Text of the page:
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Hight notes and vocal tract modification

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Keith
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So, for the first time EVER, I sang the F above C5 (F5?) It was kinda a fluke - I overshot a note. I have been on this "don't strain" kick and trying to ease into notes above A4 - so I don't "gut punch" them. Here is what I noticed about hittin that note: When I got there, the back of my tongue had almost closed off the airway to my mouth and alot of air was coming out my nose. I tried to reproduce that note with no success. So I guess my question is this. When singing notes that high, and the notes leading up to them, is it normal for the back of the tongue to raise up towards the soft pallate? And also, is it normal for the soft pallate to lower, thus redirecting most of the air (and I assume resonance and sound) up through the nasal passage and out the nose?

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Well, not really, I'd say.

Redirecting air through the nose makes you nasal. One thing about the nasality is it sounds good in your head. Not so sure about the audience though. Your tongue should lift, but towards the hard palate. Imagine it relaxed in a kind of idiot-drooling way: it rests on your lower lip. But if you both keep it relaxed and tuck the tip behind the lower teeth, it kind of arches on its own.

That's what you should be looking for, not stuffing it back towards the soft palate.

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Keith - at first when I starting singing in that range what you described is exactly what happened to me. However, because I train with the Tamplin videos, I noticed that on "ah" and "eh" he keeps a concave tongue all the way up. It took me a long time - in that range - C5 and up - to be able to get the tongue to sit flat or concave in the back and raising the soft pallet. I think it is natural at first to do it with the "closed off" tongue / pallet - but if you can train yourself to open that part off - especially in that range - it make a huge difference in power. You gain a tremendous amount of power and clarity when you open that up.

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Keith, I notice that a slightly elevated tongue position helps guide the note into the head resonators. Such as the position of the tongue with the ee sound. Was the sound really come out of your nose or was it just a sensation that you are not used to feeling?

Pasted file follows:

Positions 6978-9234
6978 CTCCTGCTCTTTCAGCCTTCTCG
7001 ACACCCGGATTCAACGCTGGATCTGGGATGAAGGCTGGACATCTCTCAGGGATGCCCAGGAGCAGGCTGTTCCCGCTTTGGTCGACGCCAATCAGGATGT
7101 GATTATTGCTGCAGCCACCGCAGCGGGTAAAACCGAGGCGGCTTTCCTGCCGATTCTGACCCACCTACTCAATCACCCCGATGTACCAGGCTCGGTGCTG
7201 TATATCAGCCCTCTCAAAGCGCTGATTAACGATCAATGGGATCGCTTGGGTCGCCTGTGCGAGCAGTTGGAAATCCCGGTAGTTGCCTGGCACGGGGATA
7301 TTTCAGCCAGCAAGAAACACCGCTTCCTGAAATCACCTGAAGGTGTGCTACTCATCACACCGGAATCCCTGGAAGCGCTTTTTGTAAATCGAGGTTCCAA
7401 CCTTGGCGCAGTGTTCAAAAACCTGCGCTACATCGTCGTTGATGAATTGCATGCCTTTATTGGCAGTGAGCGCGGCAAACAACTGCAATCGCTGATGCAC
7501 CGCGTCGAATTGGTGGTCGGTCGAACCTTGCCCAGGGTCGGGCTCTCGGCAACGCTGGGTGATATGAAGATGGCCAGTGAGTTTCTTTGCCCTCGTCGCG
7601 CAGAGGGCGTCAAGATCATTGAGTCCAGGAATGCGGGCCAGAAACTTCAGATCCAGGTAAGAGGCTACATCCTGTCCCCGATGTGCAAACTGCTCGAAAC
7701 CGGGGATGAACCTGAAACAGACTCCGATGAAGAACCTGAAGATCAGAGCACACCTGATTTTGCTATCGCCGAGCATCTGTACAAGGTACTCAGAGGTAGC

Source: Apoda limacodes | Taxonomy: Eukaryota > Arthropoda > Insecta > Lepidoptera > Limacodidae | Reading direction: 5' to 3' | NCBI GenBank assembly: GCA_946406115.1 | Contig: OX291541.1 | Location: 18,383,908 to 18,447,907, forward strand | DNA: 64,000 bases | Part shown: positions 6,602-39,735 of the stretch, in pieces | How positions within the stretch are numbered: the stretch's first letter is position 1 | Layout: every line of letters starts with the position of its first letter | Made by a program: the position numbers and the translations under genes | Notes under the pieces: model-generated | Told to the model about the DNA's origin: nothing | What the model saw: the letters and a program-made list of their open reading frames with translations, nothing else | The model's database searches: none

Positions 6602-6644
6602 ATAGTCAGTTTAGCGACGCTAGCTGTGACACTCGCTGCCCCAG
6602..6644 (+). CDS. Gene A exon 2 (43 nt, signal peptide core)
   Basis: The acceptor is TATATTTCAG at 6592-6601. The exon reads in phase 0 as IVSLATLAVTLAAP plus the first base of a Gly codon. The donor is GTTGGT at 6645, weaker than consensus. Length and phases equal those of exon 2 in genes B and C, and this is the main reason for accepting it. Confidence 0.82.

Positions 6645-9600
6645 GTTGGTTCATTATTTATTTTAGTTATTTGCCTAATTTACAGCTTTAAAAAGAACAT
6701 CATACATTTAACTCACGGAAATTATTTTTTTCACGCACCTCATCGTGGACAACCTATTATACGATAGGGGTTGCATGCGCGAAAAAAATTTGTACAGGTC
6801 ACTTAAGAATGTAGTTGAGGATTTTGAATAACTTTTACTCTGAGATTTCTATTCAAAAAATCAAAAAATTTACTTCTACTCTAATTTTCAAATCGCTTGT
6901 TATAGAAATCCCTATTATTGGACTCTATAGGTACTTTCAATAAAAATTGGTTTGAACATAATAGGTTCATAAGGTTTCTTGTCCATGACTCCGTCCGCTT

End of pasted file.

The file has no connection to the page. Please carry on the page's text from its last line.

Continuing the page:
Just as there are some people who, when they first learn to use those smaller resonators, "think" it's nasal even when it didn't sound as such to others.

Singing is mental. I really mean that. First, was the sound really nasal and what made you "think" that? Second, was there anything wrong with the note and is the nasality wrong? (I invite you to listen to Vince Neil in his upper range.) Is he good or bad? An opinion on that would be, dare I say it, yes I dare say it, mental.

The trick with the tongue is to not close off completely against the soft palate. For the note, even if you resonate in the sinuses, is coming out of the buccal opening, not totally unlike a flute. That's why the jaw has to drop, just slightly. Let the note out.

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Keith, try the "Register 4 & Extreme Scream Pitch" vocalizes from your copy of "The Four Pillars of Singing 2.0"... it is designed to open up the 5th register. Have you worked with that vocalise yet?

Not yet Robert, I have been focusing thus far on the first 6 vocalises. I am going to add the one you just mentioned to the list now lol.

Thanks everyone for taking the time to read what I posted and respond :)

~Keith

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Keith, try the "Register 4 & Extreme Scream Pitch" vocalizes from your copy of "The Four Pillars of Singing 2.0"... it is designed to open up the 5th register. Have you worked with that vocalise yet?

Love that vocalise! I could see what it was making me do up there. I love it!

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